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Borderlands – Spring/Summer 2010

The “borderlands” concept has never been more accurate. Along with a more general selection of more than 20 poets, this issue features a special section of “translingual poets,” defined as writers who “create in a language other than the one they were born into.” Editor Liliana Valenzuela praises the fine work of the translators whose work appears here alongside the originals and notes that many are gifted poets themselves. This issue also includes wonderful artwork by Liliana Wilson, terrific images with surreal elements, but wholly “real” human aspects that render the work both familiar and wondrous in the magical (but not silly or childish) sense of the word.

The “borderlands” concept has never been more accurate. Along with a more general selection of more than 20 poets, this issue features a special section of “translingual poets,” defined as writers who “create in a language other than the one they were born into.” Editor Liliana Valenzuela praises the fine work of the translators whose work appears here alongside the originals and notes that many are gifted poets themselves. This issue also includes wonderful artwork by Liliana Wilson, terrific images with surreal elements, but wholly “real” human aspects that render the work both familiar and wondrous in the magical (but not silly or childish) sense of the word.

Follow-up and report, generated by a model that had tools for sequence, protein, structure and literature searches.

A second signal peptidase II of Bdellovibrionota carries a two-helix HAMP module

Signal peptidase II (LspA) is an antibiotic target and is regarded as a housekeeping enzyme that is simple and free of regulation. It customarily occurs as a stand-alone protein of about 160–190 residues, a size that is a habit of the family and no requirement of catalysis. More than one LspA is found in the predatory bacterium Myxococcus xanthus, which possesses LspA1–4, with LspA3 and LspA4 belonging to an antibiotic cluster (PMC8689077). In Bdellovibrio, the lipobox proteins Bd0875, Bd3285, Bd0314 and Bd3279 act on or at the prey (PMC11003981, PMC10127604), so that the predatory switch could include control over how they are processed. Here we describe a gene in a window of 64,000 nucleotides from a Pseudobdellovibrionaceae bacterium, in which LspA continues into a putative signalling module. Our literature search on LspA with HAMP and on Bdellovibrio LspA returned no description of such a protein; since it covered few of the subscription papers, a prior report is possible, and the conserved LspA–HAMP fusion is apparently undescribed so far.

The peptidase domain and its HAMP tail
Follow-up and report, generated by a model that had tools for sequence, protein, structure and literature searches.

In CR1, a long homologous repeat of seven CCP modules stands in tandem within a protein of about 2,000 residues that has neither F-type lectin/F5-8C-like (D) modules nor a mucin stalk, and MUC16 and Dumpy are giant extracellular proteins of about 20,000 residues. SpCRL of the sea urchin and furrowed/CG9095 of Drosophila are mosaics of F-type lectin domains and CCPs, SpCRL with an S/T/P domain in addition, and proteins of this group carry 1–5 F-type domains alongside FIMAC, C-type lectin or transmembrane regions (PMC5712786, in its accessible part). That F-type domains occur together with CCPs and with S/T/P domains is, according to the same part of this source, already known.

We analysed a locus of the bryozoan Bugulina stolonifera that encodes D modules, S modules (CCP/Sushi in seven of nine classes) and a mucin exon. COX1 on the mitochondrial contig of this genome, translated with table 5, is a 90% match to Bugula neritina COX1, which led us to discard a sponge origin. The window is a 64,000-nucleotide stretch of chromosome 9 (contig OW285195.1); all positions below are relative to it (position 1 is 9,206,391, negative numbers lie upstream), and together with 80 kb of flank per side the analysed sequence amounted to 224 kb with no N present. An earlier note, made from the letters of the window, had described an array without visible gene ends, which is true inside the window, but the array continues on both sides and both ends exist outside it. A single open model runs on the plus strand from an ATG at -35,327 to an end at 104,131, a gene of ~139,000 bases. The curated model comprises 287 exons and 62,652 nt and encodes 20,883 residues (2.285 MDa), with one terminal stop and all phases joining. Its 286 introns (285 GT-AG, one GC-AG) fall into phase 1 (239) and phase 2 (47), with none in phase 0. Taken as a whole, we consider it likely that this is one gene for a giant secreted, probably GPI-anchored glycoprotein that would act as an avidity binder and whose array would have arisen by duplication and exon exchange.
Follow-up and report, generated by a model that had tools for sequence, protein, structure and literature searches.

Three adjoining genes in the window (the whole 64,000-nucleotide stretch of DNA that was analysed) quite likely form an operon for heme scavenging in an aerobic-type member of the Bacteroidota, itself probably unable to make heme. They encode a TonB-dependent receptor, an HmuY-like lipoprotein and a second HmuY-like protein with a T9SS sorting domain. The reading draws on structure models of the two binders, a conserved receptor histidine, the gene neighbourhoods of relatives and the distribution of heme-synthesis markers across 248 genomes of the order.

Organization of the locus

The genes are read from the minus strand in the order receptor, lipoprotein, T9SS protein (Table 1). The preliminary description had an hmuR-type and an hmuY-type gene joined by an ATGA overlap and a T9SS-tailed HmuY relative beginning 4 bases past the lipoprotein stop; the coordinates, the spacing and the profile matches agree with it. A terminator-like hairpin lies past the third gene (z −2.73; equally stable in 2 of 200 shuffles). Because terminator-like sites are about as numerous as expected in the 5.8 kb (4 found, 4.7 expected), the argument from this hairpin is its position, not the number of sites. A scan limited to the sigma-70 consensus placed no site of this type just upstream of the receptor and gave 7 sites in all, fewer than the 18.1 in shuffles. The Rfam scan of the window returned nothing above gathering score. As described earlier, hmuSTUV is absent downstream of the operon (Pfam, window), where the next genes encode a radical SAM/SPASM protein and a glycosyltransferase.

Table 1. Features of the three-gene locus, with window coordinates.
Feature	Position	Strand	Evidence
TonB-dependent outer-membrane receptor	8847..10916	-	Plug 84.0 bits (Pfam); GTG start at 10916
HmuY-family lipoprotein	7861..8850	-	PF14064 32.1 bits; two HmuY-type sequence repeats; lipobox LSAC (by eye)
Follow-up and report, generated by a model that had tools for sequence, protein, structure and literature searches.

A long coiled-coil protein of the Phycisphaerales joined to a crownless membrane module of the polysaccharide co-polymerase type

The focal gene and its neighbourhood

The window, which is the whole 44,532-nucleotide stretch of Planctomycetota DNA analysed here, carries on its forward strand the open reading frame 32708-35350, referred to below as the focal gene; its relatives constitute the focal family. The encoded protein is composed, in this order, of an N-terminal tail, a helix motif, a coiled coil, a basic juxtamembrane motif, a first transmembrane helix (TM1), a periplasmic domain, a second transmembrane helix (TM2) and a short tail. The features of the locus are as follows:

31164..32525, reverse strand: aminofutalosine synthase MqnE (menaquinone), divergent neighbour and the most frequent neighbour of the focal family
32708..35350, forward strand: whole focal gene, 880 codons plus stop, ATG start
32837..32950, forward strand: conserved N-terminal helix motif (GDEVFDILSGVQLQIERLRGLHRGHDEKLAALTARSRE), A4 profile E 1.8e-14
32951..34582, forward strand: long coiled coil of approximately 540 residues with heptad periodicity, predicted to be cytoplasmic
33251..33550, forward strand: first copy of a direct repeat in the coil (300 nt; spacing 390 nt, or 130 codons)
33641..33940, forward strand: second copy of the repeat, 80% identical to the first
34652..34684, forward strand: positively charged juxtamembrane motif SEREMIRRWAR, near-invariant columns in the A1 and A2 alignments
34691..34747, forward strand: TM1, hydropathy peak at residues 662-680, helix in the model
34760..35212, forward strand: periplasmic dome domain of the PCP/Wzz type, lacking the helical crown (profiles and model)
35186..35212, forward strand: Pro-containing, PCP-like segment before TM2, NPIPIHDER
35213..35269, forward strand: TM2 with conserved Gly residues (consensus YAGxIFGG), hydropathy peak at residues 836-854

I appreciated the range of styles and voices in the poetry presented here. Highlights for me include “completely” by Charles Thomas, spare, elegant, direct, heart wrenching:

cover me
cover me

ribbons of read
assault me

bones
break me

sacrifices to lesser gods

And a poem built on the anaphoric use of “The End of Literature” by Irene O’Garden (“The End of Literature…is to attend a dazzly dinner / written in fiction, / cooked in truth, / and to feed on the people more / than the meal.”)

In the translingual section, I appreciated, above all, the dense lyricism of Peruvian poet Eduardo Chirinos in his poem “Poema de amor con rostro oscuro” / ”Love Poem with a Dark Face,” expertly translated by G.J. Racz; and Susanne Ayoub’s “Muchter & Trotte”/”Mother & Daughter,” with the wildly fabulous translation of Geoffrey C. Howes who successful captures Ayoub’s linguistic inventiveness (“nosear and yemouth / besistered daugtered / comorse”).

Ayoub’s poem ends “jaewig” (“ohforevery”). If it were not for Borderlands, I would never know about Ayoub’s work. Ohwhatpoetry – and wonderful literary journals like this one – can do!
[www.borderlands.org]

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